Known as the “birthplace of American liberty,” Lexington, Massachusetts, is where the first shot of the American Revolutionary War was fired on April 19, 1775. Nowadays, you can retrace history at sites around town, and enjoy a rich artistic, cultural, and culinary scene.
Join a complimentary walking tour of the Lexington Battle Green (where the first shot of the war took place) with guides dressed in colonial attire. Explore Minute Man National Historical Park—or walk, bike, or take the trolley along the 5-mile (8-kilometer) Battle Road Trail. Other highlights are the Munroe Tavern, the Belfry, and the Lexington Depot. Or, head to the Old Burying Ground, Buckman Tavern, and the Hancock-Clarke House. The city is also home to dozens of artists, a diverse range of shops and restaurants, and working farms offering culinary experiences.
Along with Concord and Cambridge, Lexington is typically included in several half- and full-day guided tours from Boston.
Things to Know Before You Go
Stop by the visitors center for information, restrooms, souvenirs, and to arrange local tours.
Many attractions are within walking distance of each other.
Dress for the weather and outdoor conditions—take sun protection, insect repellent (for ticks and mosquitoes), and extra water.
How to Get There
Around 11 miles (18 kilometers) northwest of Boston, Lexington is reachable by public transit, including buses 62 and 76. A seasonal trolley runs between Lexington and Concord, stopping at many sights. If you’re driving, take Interstate 95 (Route 128) and Route 20.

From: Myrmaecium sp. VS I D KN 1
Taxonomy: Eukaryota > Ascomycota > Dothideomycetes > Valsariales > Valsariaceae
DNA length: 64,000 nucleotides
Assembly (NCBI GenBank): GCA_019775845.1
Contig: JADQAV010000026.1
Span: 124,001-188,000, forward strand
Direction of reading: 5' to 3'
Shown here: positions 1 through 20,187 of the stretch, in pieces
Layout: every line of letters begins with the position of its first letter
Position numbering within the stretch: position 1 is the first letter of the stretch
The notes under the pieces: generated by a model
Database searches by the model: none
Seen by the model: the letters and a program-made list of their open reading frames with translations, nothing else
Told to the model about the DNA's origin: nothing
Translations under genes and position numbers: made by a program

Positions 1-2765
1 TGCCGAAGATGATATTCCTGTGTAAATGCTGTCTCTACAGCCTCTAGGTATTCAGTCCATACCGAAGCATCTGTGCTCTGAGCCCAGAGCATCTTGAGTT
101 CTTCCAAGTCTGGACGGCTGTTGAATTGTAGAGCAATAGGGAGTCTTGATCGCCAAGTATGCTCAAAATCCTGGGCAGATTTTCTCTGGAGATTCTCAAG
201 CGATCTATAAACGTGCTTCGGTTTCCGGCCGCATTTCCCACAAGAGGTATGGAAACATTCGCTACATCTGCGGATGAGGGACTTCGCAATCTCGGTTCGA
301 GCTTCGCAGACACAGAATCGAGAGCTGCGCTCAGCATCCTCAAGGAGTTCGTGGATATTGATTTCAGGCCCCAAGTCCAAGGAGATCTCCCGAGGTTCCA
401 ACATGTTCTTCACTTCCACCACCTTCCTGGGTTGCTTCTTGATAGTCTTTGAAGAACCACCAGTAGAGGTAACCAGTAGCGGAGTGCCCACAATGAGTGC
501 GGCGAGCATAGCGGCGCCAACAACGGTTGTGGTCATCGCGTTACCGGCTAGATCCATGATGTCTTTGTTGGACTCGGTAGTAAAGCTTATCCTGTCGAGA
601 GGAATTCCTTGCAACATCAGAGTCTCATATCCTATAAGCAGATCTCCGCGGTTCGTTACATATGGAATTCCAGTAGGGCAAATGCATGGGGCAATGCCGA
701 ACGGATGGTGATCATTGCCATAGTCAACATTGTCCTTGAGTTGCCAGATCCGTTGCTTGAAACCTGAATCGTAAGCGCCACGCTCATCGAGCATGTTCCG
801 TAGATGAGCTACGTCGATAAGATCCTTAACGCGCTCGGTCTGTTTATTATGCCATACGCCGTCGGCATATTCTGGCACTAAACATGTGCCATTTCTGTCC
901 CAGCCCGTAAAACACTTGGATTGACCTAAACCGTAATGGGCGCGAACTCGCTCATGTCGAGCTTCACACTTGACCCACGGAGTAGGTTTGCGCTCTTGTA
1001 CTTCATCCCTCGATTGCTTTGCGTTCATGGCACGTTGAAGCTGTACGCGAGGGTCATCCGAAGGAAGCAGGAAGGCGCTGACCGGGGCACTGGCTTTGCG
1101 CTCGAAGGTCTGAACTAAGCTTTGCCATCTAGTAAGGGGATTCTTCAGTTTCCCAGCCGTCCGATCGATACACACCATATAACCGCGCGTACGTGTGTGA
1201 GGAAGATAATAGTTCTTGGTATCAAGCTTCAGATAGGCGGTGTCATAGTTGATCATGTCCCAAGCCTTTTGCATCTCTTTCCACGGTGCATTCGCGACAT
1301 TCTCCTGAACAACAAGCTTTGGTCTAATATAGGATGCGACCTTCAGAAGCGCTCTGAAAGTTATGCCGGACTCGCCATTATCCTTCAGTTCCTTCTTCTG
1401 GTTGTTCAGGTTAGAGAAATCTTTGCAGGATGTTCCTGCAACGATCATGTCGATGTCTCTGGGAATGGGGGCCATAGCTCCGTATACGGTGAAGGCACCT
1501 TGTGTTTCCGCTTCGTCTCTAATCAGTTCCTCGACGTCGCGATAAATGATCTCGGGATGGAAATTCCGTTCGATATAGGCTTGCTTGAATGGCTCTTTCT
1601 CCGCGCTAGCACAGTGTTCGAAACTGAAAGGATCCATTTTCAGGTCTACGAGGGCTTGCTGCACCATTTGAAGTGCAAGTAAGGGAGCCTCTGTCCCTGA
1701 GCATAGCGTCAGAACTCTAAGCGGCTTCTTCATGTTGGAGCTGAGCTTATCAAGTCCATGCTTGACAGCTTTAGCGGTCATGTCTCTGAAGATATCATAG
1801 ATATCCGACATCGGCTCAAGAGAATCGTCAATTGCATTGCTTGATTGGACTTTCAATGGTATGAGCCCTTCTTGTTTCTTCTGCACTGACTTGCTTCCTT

When to Get There
The best time to go is between April and October, when the majority of historic attractions are open and most tours take place. Paul Revere’s ride and the Battles of Lexington and Concord are reenacted every April, while Revolutionary Revelry events are held throughout the month of May.
Minute Man National Historical Park
Spanning more than 900 acres (364 hectares), Minute Man National Historical Park covers the original segments of the April 19, 1775, battle road between Lexington and Concord. Key sites include the North Bridge, where the colonial militia fired upon British troops; the place where Paul Revere was captured during his midnight ride; Hartwell Tavern, a restored inn; and the Wayside, former home of authors such as Louisa May Alcott and Nathaniel Hawthorne.
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